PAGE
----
The report, titled Still at Risk: What Students Don’t Know, Even Now, shows that 25 years after the publication of the landmark study, A Nation at Risk, America’s children continue to demonstrate a stunning ignorance about basic facts of U.S. history and literature. Overall, the 1,200 17-year-olds surveyed earned a “D.”

The history portion of the survey reported that 73 percent of 17-year-olds could correctly answer relatively basic questions about major historical figures, dates, and developments in America’s history. However, other than Martin Luther King Jr.’s “I have a dream” speech, no other single historical event or figure received more than or equal to 90 percent accuracy from the 17-year-old respondents. In addition, the survey also identified a consistent gap between respondents who have at least one college-educated parent and those who do not.

Some of the facts discovered in the report include

  • A third of respondents do not know that the Bill of Rights guarantees the freedom of speech and religion
  • Only 80 percent could define the idea of “checks and balances”
  • 20 percent of survey respondents didn’t know who our enemy was in World War II
  • More than a quarter think Columbus sailed after 1750
  • Nearly a quarter cannot identify Adolf Hitler, with 10 percent thinking Hitler was a munitions manufacturer

“It is easy to make light of such ignorance. In reality, however, a deep lack of knowledge is neither humorous nor trivial,” said Lynne Munson, Common Core’s executive director. “What we know helps to determine how successful we are likely to be in life, and how many career paths we can choose from. It also affects our contribution as democratic citizens.” Still at Risk is authored by Frederick Hess, the director of education policy at the American Enterprise Institute. Common Core is a non-partisan research and advocacy organization devoted to strengthening liberal learning in K-12 education.

Download the report at

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Insights Magazine End-of-Inventory Sale

Act quickly to receive four issues of Insights magazine for $14.99. This limited time offer includes the following issues: Youth, Rights, and the Constitution; The Rule Of Law; Women, Law, and Social Change: A Global View; A Colorblind Constitution? Then, Now, In 25 Years.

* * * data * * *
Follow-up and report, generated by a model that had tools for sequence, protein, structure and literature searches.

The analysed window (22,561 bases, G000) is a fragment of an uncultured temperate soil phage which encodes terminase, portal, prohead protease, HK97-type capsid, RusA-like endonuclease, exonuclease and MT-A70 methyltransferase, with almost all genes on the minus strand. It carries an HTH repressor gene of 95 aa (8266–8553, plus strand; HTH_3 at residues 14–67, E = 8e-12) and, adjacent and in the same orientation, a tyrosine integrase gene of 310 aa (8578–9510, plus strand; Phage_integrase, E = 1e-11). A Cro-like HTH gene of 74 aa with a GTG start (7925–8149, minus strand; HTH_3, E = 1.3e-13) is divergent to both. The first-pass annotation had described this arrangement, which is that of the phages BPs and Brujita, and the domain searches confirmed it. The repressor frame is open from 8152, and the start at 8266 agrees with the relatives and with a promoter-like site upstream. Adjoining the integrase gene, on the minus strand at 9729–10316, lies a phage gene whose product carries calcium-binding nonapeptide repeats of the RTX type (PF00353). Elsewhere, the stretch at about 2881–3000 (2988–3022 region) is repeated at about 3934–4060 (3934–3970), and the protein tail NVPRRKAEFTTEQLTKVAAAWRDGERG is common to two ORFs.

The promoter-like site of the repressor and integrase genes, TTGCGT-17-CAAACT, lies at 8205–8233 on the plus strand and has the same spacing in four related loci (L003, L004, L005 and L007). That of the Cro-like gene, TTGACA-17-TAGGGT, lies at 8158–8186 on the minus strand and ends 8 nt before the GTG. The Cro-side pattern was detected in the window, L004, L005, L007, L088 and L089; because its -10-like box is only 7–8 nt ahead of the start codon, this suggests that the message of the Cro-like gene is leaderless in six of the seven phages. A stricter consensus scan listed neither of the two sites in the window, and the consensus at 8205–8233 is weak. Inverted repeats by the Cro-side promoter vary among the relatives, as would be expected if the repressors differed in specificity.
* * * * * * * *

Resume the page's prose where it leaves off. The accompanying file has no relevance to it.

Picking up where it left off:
All issues include lesson plans and classroom activities that are relevant to your curriculum today. Order this special package online or call 800.285.2221 and reference PC# 2350245P. This offer is good while supplies last.

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Resource Guide for Teachers Package on Sale

This package includes four resource guides that were used as part of the National Online Youth Summit. Each guide includes a timeline of U.S. Supreme Court Cases, lessons and teaching strategies, additional resources, and terms and vocabulary.

Topics covered include ways that social issues meet in laws regulating indecent and obscene speech; the 1999 U.S. Supreme Court case involving an anti-gang ordinance against loitering in a group; historical, legal, philosophical, economic, and international perspectives on the death penalty; and the long history of inequality in the criminal justice system, as well as attempts to overcome such bias.

Purchase the package online for $19.99 or call 1-800-285-2221 and mention product code 4970129P.

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Law Matters, the news source for the law-related education (LRE) community

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Law Matters, which reports on developments, ideas, programs, and resources in the field of public education about the law, is disseminated three times yearly (fall, winter, spring) by the American Bar Association Standing Committee on Public Education.

Chair, Dwight L. Smith
Director, Division for Public Education, Mabel C. McKinney-Browning
Editor, Law Matters, Colleen Danz

The views expressed in this e-newsletter are those of the editors and have not been approved by the House of Delegates or the Board of Governors of the American Bar Association and, accordingly, should not be construed as representing the policy of the American Bar Association or the Standing Committee on Public Education.

The American Bar Association is a not-for-profit organization.

Copyright ©2008 American Bar Association